FYROM: What will weigh in – the vote “for” or the census?!

FYROM: What will weigh in – the vote “for” or the census?!

What will happen if on September 30th, for example, 890 thousand citizens come out to vote and 800 thousand of them vote “for”? Is that respectable support for the name-and EU membership and NATO membership could go to the wind just because the least 903 thousand voters did not come out in the referendum? Recent public opinion surveys regarding the voters’ willingness to participate in the upcoming referendum indicate a high likelihood of the referendum to accrue results close to these – at the very limit of the constitutionally envisaged census of over 50 percent turnout, but with a clearly expressed affirmation of the referendum issue.

Theoretically, a different situation is possible – for example, 904 thousand voters to go to the polls (just over the required figure of over 903 thousand) and about 500 thousand of them to vote “for”. In such a case, the referendum would be valid according to both parameters (the census and the majority vote “for”), although the answer “yes” would be for even hundreds of thousands less than the assumed support of 800 thousand, but with a smaller turnout.

Such controversy over possible referendum results imply dilemmas about the outcome of the vote that can provide the utmost relevance of the agreement with Greece as a guarantee of the Euro-Atlantic perspectives of the state. That is, whether the census must be a decisive parameter for the success of the vote and in a situation where the voter list is not yet fully cleared, so that the large number of citizens who have moved out in the past years and which are unlikely to influence to be present in the country on September 30th. Therefore, the achievement of the census is still uncertain, while it is much more certain that the votes “for” will be much more than the votes “against”.

The latest public opinion polls, part of which are publicly published and partly made for the needs of political entities, according to the information, indicate that it is realistic that the turnout for the referendum is solid and approximate to the required over 50 percent turnout. The mood for participation in the referendum has seen oscillations in the past period. However, the expectations are that the number of voters interested in voting will increase, among other things because of the campaign warming up and the diplomatic offensive that has been taking place in the country in recent days.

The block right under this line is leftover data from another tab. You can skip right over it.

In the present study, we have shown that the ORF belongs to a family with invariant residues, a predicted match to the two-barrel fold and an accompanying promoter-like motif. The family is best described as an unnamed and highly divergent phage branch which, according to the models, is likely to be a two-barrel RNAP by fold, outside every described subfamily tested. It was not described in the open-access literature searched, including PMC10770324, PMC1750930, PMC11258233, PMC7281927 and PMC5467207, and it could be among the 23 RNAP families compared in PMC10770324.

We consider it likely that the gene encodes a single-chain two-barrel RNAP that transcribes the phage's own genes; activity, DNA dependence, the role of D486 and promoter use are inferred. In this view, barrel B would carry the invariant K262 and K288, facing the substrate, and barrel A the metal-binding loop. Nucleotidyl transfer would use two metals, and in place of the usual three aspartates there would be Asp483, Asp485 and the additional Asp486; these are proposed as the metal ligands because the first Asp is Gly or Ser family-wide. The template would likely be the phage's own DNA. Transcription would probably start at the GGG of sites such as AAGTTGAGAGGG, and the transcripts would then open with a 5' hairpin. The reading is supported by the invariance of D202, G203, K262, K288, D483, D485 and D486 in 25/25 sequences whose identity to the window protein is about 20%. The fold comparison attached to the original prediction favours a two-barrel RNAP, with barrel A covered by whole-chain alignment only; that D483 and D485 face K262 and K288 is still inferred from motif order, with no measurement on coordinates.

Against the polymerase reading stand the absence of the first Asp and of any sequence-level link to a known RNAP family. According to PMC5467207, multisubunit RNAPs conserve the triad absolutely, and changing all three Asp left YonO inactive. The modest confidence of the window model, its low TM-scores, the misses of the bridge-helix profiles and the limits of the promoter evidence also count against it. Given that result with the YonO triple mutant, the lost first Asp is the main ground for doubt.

In the latest MCIC survey, 57,8 percent of respondents said they would vote in the referendum, and 28,8 said they would not participate. Of those who said they would vote, 70,8 said they would declare “for”, and 14,8 “against”. According to MCIC estimates, compared to the previous August survey, there was a drop in the possible turnout (from 66,6 percent to 57,8 percent or a decrease of 8,8 percentage points). On the other hand, there is an increase in the number of respondents who are already determined not to go to the polls on September 30 (from 19,8 to 28,8 percent or a difference of nine percentage points).

MCIC’s point out that the referendum census is uncertain, even though this poll indicates the possibility that it will be significantly overcome since 57,8 percent of the respondents said they would go to the polls. According to the MCIC estimates based on the results of the last poll, at this moment, it is possible to exit about 46 percent, which would amount to about 830 thousand voters.

– The poll results outweigh the assessment of exit since the Voter List is significantly wider than the population on which the survey is based. It is realistic to expect that the corrected turnout projection of 46 percent ranges between 43 and 49 percent taking into account the margins of a statistical error of plus or minus three percent. Hence, turnout is getting closer to the required census, but it is uncertain whether it will be achieved by taking into account the active campaign calling for a boycott – MCIC analyses.

They therefore conclude that the “for” camp is larger than those who declare themselves “against” and those who will not actively vote, or will boycott. However, they warn that politically uninterested citizens will be added to those who will boycott, and those who for other reasons will be prevented from voting in the referendum.

The fact that the referendum is consultative, ie it has no binding character, is regarded as a mitigating circumstance in the event of a solid turnout on September 30th, which would not, however, mean achieving the envisaged census. In such a case, if there is a respectable number of votes “for”, it is expected that the implementation of the agreement with Greece will continue. In the event that hundreds of citizens circle “for” and it is much higher than the “against” vote, the opposition or at least part of its deputies expect flexibility and constructiveness in securing the required two-thirds majority for constitutional changes, regardless of whether the turnout will be over 50 percent. Although VMRO-DPMNE still has no defined and unified position regarding the (non) participation in the referendum, the party leadership nnounced that it’s the voters’ will on September 30th what will be binding for them.

Alexandra M. Mitevska